sail-world.com -- It was bound to happen at the Club Marine Series.
It was bound to happen at the Club Marine Series.
Sun, 17 Mar 2013
In a series constituting numerous races held over seven event days from November to March, you almost have to factor it in. Add to that the Club Marine Series’ location on Melbourne’s Port Phillip, and also the sheer weight of precedence with the previous six rounds being sunny, warm and totally hospitable, then it was effectively a lay down misère that this final outing was bound to be blowy, wet and almost a tad miserable.
At around seven in the morning, the top of the Bay was showing very light Nor’easters, whilst down at the bottom, they had only a slightly stronger Sou’wester wafting through. That really was enough to indicate that something would occur at some point during the day. Half an hour later, the top had nothing and depending on where you were located, you could be in beaming sunshine or experiencing rain designed to quench the ground’s thirst after such a prolonged spell of heat.
Arriving on the track just before the 1400hrs start, it was the warmest part of the day (at a paltry 23 degrees) and there was only a mere 5 knots wandering through from roughly Sou’west, but you did not have to look too far to see what was next on Hughie’s agenda. It slid seven degrees in the space of an hour or so and must have put 5mm in the rain gauge in the same time, provided it was angled horizontally to meet the incoming hydro bullets!
Divisions Two and Three were setting up just off Point Ormond that divides St Kilda and Elwood, quite a way further North than Zero and One, who were off Green Point. The former were only 15 minutes late getting going, but as with both courses, quite a few crews had left their vessels in the pen and not even decided to take on Hughie’s latest challenge. Some very skilled sailors and highly placed crews were amongst these like Nouannie. Whilst they did appear on course, they did not begin the day’s race.
In an open vessel, part of the media team chose to exit stage left as Divisions Two and Three went in to a start sequence and hide in St Kilda Maria under the Coast Guard’s awning for about half an hour, so as to avoid the penetrating precipitation. During that time, the wind had peaked at just over 30 knots and settled back into the mid-20’s. There had been an incident on the start line, with White Noise peeling off on Port tack at the boat end when several vessels rounded up under her. Whilst coming back around to have another go, they were in a collision with Wild Side and the resultant hole finished their day, right then.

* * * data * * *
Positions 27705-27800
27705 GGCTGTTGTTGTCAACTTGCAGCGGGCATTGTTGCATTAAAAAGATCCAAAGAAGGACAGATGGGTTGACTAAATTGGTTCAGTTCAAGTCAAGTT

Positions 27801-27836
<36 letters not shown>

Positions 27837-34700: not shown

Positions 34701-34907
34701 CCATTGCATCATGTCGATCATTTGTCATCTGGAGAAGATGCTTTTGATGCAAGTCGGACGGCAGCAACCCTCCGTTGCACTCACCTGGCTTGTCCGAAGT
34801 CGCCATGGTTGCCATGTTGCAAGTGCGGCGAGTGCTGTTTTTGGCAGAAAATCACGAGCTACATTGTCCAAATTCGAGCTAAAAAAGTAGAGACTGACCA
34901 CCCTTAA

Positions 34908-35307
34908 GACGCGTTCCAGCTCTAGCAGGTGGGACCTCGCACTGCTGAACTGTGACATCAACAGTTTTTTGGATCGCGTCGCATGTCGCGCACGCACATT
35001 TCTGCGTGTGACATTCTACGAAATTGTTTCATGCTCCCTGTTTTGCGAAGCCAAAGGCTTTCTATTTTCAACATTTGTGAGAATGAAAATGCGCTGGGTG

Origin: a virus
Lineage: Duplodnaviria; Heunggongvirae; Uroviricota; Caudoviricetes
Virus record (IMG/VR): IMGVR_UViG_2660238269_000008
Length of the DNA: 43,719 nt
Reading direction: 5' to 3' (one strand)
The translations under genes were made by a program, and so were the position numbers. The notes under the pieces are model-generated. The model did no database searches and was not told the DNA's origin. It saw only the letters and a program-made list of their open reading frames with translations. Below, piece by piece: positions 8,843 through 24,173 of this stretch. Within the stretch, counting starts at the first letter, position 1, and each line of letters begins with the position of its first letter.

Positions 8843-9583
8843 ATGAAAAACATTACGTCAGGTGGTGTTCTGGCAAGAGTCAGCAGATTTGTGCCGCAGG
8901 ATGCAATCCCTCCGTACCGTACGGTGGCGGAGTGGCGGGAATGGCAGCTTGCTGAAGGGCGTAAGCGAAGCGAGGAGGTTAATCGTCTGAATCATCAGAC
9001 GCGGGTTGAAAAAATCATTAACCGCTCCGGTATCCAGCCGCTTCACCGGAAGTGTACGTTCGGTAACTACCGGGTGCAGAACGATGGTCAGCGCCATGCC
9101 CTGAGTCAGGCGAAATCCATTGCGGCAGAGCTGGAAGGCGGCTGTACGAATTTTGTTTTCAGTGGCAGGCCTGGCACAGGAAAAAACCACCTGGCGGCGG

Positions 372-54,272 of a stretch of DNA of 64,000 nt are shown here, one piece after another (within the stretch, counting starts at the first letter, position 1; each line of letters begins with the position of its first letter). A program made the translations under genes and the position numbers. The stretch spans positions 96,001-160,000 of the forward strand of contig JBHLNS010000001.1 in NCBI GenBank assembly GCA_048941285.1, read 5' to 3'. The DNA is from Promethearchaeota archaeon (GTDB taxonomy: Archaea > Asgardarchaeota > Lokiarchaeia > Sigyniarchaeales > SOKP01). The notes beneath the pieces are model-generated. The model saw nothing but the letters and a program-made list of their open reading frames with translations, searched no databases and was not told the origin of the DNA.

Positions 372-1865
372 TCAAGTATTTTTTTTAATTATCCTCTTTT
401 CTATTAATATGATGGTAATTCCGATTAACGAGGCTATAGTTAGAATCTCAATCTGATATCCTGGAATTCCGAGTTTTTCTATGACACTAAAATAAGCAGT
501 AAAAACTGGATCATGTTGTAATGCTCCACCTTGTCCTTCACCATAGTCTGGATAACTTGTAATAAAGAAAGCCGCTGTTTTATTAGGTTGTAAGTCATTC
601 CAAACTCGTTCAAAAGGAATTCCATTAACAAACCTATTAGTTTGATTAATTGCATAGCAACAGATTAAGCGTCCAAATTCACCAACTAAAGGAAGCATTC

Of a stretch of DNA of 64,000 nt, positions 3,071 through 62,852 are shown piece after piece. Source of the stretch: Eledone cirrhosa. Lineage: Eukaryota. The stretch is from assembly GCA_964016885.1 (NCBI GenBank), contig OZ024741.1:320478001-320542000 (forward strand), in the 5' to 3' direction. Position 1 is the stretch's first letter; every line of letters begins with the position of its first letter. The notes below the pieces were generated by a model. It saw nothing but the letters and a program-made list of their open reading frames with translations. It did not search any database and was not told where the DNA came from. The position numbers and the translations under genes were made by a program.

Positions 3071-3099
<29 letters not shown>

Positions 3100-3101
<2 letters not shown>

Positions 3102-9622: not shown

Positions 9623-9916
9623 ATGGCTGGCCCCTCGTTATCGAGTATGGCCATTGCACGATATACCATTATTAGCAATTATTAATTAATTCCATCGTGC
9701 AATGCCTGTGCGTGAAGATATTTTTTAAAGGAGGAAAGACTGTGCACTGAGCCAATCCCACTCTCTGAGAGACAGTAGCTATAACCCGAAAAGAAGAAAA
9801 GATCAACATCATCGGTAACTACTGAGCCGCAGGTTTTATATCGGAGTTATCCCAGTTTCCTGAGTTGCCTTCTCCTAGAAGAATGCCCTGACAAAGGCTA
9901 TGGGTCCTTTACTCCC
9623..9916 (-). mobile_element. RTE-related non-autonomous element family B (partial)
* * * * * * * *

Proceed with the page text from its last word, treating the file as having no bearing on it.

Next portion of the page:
After the first work to the top mark and during the run back down, the retirements from racing also became a noticeable feature of the landscape. Another was the vast majority of crews who had elected to fly spinnakers in the fresh to frightening breeze that was also allowing a 2m seaway to get up from nowhere. The heads would come off the waves later when the breeze moderated at about 1600hrs for 45 minutes. However, in true fashion for the area, they remained short and quite nasty, especially when the atypical rogues ran through, predominantly in a set of three.
At the bottom gate, a course change to 200 degrees from slightly more West was signalled to all the remaining competitors, which was 14 in Division Three and 11 in Division Two. Principal Race Officer for the Club Marine Series, David LeRoy, was running Course 2/3 and he commented, 'Bit wild and woolly, especially for the crews and my wonderful team who stood outside, often at length, especially when we were notifying the crews. Well done to all of them. Great effort.'
'I did get a smile out of it when one crew radioed in to indicate that I should leave the AP until after the wind had come through, which I did let them know that I had done this once or twice before and would look after their interests. It did seem that there were some who may not have paid as much attention when the wind came. Under Capricorn were a metre or so over the line, but did return in what was otherwise a pretty clean start. There was a little more on for the Div3 boats, who started five minutes after the others and the Diamond, Mystery, was certainly a standout there and showed that whilst tough, it was certainly a sailing type day.'
'The breeze dropped back to the low 20s and then kicked in again for the very end as the last couple finished, marching on to 35 knots plus after they had crossed the finish line, so we slotted in to the most sailable breeze that was on offer for the day. We saw a peak of 28 and an average 24 where we were, however it seemed like a lot because there had been no wind prior. The series results were borne out by the results of the day and it shows that it was a fair sort of a race', LeRoy finished with.
The day belonged to Wavelength for their wins in both IRC and AMS (Australian measurement System) with Footloose, Outlaw and Skipjack deserving mentions for their efforts out there. The Diamond, Mystery, who won on PHS (Performance Handicap System) get the honourable mention for winning and staying out there in what would have been challenging conditions in this classic class of vessel.
For the overall result in IRC, you have Intrusion comfortably from Skipjack with Watermark II able to still collect third. Wavelength nearly got there, but finished two points off the podium. They would stand atop the AMS table, with the little engine that could, Footloose, coming in for second and Watermark II having done enough earlier on in the series, grabbing third place. A resounding win to Y Knot from Wavelength and then Duckmobile is the final PHS mark.